took the President’s previous utterances and turned them into a source of
ridicule (158-9). Rhetorical questions were used, Ionescu-Ruxăndoiu argues,
to ‘implicitly claim a similarity of views between the speaker and a large
part of the audience’ (160). This type of strategy is an attempt to align the
speaker with the audience. The final strategy explored in this paper is the
use of irony. Irony can be seen to bring criticism of the President into even
starker focus. The author argues that all of these strategies have in common
the Bakhtinian notion of ‘double-voicedness’, which allows speakers to be
highly critical but, at the same time, dissociate themselves from the
responsibility of what is said.

‘The making of a new American revolution or ‘a wolf in sheep’s clothing’:
“It’s time to reload”’ is the contribution of one of the editors, Lawrence
Berlin. In it he uses Positioning Theory to analyse Sarah Palin’s speech to
explain her appeal to Tea Party supporters and show what he believes to be a
lack of substance in her discourse. Berlin also uses his Multilayered Model
of Context (Berlin 2007, 2011) to analyse the extrasituational, situational,
interactional and linguistic contexts of two Palin speeches. He notes the
importance of Palin speaking on Ronald Reagan’s birthday, in Republican
states, at important points in the stages of the passing of the ‘Obamacare’
healthcare reforms. Analysing her interactional practices, Berlin notes how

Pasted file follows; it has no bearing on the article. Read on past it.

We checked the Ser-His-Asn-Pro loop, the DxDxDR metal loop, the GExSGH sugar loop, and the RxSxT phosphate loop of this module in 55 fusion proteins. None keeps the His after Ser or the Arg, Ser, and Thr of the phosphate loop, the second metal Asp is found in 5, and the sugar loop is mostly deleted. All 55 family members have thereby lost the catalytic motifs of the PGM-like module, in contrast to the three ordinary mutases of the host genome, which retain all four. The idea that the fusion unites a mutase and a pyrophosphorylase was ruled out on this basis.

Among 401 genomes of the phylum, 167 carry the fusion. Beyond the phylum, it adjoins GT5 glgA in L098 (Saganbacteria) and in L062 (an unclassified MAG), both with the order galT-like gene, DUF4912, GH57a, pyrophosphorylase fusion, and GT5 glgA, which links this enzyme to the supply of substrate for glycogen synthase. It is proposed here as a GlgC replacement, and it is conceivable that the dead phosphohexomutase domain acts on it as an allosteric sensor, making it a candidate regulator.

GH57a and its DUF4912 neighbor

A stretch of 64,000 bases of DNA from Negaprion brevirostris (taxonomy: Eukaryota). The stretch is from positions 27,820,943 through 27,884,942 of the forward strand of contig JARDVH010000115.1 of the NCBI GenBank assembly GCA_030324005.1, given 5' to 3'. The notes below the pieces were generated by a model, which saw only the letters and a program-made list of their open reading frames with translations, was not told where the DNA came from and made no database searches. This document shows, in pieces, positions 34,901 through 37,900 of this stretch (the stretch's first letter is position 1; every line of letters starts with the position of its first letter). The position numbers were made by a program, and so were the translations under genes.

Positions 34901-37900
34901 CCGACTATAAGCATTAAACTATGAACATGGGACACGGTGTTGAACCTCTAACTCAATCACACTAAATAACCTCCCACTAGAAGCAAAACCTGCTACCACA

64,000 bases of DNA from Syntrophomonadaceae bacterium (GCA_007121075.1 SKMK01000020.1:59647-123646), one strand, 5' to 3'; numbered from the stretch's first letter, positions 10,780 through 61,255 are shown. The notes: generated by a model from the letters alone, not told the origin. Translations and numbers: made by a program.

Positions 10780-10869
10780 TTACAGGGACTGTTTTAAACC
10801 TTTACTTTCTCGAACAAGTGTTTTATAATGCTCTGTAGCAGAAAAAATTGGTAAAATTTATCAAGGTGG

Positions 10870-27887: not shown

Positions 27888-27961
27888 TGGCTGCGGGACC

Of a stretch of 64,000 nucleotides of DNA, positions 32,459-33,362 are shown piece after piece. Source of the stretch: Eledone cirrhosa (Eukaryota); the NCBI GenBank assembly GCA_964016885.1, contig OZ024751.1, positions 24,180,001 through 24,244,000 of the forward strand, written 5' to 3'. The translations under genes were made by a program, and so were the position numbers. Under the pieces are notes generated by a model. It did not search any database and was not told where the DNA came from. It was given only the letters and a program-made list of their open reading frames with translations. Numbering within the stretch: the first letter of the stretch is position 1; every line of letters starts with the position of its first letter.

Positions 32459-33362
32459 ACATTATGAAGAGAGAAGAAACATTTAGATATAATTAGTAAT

Palin is quick to relate to her audience: discussing her credentials as a wife
and mother, contrasting herself with ‘a bunch of elites in Washington’ (179),
as well as inclusivization with ‘we’, ‘us’ and ‘our’ (180). In the analysis
of her discourse, Berlin finds a great deal of evidence of redundancy (that
is, flouting Grice’s quantity maxim), as well as instances of logorrhea (the
flouting of quantity, manner and relation maxims). Berlin uncovers much
evidence of contradiction in Palin’s speeches, too. She derides Obama for
focusing on ‘that hopey, changey thing’ (186) but spends much of her speech
referring to the need for change. Berlin argues that Palin’s use of
positioning in her speeches (i.e. positioning herself as just like the Tea
Party activists she is speaking to), outweighs the contradictions in her
speech for her audience. She does not represent, in their view, the
Washington elite which has left them feeling disenfranchised, and this
explains, to some extent, her popularity amongst Tea Party members.

Ibrahim El-Hussari’s chapter, ‘Remaking U.S. foreign policy for a new
beginning with the Arab and Muslim worlds: Linguistic and discursive features